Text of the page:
The Education Bail-Out

Writing in the New York Times on Sunday, Thomas L. Friedman makes an excellent case that what we need is not simply an economic stimulus plan, but a full scale commitment to educating the next generation in the math, science, and engineering skills that will create a new, green, efficient economy that will launch us into prosperity, not just bail us out of a recession.

Friedman quotes Dean Kamen (who really is some kind of genius-of-the-future walking among us):

“You can bail out a bank; you can’t bail out a generation,” says the great American inventor, Dean Kamen, who has designed everything from the Segway to artificial limbs. “You can print money, but you can’t print knowledge. It takes 12 years.”

Way back during the Debate season, Barack Obama had a moment when he turned to the audience and noted that Bush had missed an opportunity after September 11 when he asked Americans to “help” by shopping.  Obama made this remark with such seeming candor, and with what seemed to me such restrained bitterness, that I paused the debate and turned to my husband.

I had the distinct image of Barack and Michelle sitting in their home sometime after September 11, maybe immediately after the tragedy, maybe in the months and years that followed when everything spiraled so badly out of control, maybe after the unbelieveable election for Bush’s second term.  I imagined they said what we thought many times over those years: if we don’t educate the next generation better, if they can’t read and think critically, if they can’t understand and analyze the news, if they can’t fathom the global significance of America’s foriegn policy, if they can’t do the math and science that we need to innovate new clean technologies, maybe we really do deserve the train wreck of a leader we’ve been handed.  Unless the next generation can really think, and can think their way out of the problems they will surely be handed, and think of new ways to innovate our economy and serve our country, we’ll be saddled with another Administration like the one leaving office now. Or worse.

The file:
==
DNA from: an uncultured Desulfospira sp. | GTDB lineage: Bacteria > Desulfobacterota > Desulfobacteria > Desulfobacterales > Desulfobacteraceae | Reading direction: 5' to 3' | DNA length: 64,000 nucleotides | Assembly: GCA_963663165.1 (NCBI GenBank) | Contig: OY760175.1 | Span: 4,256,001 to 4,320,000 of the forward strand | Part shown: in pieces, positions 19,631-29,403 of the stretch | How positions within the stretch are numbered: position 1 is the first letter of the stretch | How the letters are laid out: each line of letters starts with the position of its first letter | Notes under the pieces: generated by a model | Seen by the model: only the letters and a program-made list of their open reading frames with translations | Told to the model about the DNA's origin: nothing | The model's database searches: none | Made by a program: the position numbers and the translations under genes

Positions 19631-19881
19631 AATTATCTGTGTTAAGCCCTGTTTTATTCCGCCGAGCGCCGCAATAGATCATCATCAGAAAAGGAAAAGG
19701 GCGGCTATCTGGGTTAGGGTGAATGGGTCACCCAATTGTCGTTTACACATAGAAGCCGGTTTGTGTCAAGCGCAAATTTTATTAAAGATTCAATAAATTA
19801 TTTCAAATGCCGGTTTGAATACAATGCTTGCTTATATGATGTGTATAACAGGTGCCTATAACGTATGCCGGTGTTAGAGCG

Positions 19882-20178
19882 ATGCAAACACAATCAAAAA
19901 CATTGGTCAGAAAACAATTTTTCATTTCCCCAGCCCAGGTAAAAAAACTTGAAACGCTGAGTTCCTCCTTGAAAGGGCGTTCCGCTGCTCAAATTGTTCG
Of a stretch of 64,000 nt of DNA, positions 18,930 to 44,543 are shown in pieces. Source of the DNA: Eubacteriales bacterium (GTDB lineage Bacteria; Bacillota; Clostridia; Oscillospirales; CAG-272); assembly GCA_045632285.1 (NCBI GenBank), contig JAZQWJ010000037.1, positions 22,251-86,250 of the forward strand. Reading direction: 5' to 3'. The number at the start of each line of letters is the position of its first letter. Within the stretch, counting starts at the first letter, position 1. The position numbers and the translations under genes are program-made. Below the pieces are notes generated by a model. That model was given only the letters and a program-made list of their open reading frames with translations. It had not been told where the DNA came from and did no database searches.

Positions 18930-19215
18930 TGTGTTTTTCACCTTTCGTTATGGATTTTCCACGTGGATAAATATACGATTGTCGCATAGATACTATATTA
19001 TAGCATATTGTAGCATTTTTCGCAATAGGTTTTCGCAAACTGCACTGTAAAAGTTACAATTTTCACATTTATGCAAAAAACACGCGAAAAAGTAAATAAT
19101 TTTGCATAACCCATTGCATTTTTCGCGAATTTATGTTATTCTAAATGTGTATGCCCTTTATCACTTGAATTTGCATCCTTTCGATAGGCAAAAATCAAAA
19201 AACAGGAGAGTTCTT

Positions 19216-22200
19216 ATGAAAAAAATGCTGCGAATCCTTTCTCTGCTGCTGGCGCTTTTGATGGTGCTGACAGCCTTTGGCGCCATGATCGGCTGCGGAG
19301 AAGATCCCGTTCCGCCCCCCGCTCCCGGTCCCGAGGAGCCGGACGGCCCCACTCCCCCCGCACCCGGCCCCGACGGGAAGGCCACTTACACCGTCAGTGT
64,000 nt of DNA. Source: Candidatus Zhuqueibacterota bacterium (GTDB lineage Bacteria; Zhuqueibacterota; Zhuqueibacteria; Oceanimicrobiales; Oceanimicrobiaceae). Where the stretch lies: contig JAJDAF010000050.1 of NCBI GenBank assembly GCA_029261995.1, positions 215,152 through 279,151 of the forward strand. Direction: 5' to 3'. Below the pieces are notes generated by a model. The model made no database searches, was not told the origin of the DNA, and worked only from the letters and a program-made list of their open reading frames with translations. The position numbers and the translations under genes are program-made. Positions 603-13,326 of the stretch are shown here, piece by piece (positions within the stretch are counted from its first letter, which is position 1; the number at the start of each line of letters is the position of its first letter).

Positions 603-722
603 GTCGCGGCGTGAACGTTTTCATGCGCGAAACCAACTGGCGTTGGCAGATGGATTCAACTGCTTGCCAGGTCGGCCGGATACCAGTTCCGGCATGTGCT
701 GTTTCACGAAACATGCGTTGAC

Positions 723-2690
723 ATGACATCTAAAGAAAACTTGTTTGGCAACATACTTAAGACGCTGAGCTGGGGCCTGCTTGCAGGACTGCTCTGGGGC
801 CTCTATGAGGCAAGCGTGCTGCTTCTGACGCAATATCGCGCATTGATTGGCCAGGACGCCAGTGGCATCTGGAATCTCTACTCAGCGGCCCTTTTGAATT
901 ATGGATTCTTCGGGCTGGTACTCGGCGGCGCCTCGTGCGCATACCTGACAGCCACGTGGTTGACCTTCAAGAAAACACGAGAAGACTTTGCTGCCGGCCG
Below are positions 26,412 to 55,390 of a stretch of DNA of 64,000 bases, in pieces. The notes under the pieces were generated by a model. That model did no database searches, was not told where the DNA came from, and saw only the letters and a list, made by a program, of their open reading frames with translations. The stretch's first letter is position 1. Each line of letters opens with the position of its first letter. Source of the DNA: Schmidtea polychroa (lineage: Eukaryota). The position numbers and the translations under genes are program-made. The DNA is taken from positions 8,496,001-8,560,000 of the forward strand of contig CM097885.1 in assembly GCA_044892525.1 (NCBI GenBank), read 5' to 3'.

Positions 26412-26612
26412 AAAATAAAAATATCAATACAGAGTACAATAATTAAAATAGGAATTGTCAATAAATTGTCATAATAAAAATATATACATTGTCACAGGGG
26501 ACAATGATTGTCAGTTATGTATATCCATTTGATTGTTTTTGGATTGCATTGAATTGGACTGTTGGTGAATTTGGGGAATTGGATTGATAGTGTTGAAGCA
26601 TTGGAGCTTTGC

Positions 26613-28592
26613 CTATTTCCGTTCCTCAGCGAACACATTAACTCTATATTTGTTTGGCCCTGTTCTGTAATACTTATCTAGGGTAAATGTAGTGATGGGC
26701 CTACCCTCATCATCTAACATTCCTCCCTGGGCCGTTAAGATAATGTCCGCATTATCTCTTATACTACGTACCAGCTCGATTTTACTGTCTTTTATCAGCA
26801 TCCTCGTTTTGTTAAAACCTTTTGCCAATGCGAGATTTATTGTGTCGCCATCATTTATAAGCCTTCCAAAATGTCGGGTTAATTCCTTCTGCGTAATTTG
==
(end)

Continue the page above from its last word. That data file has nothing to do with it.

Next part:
I suspect the Obamas knew, better and certainly earlier than most, that the future of the country depends absolutely on its leadership, but equally on how well we educate our children.  I’m certain that had he been President, Obama would have called on us to serve, to get involved in our communities, to do something productive, something that would have made us stronger, not more materially bloated.  But such a call would have had to come from a President who actually had the capacity to think.

We need to make sure that the Obama/Biden plans for education, for investment in green technology, and in commitment to service (and thus our increasing awareness of our place in the world) are not lost in the face of the current miserable economic climate .  We need the full scale change to start now, so that our children will have the jobs, and the candidates for leadership, that they need.

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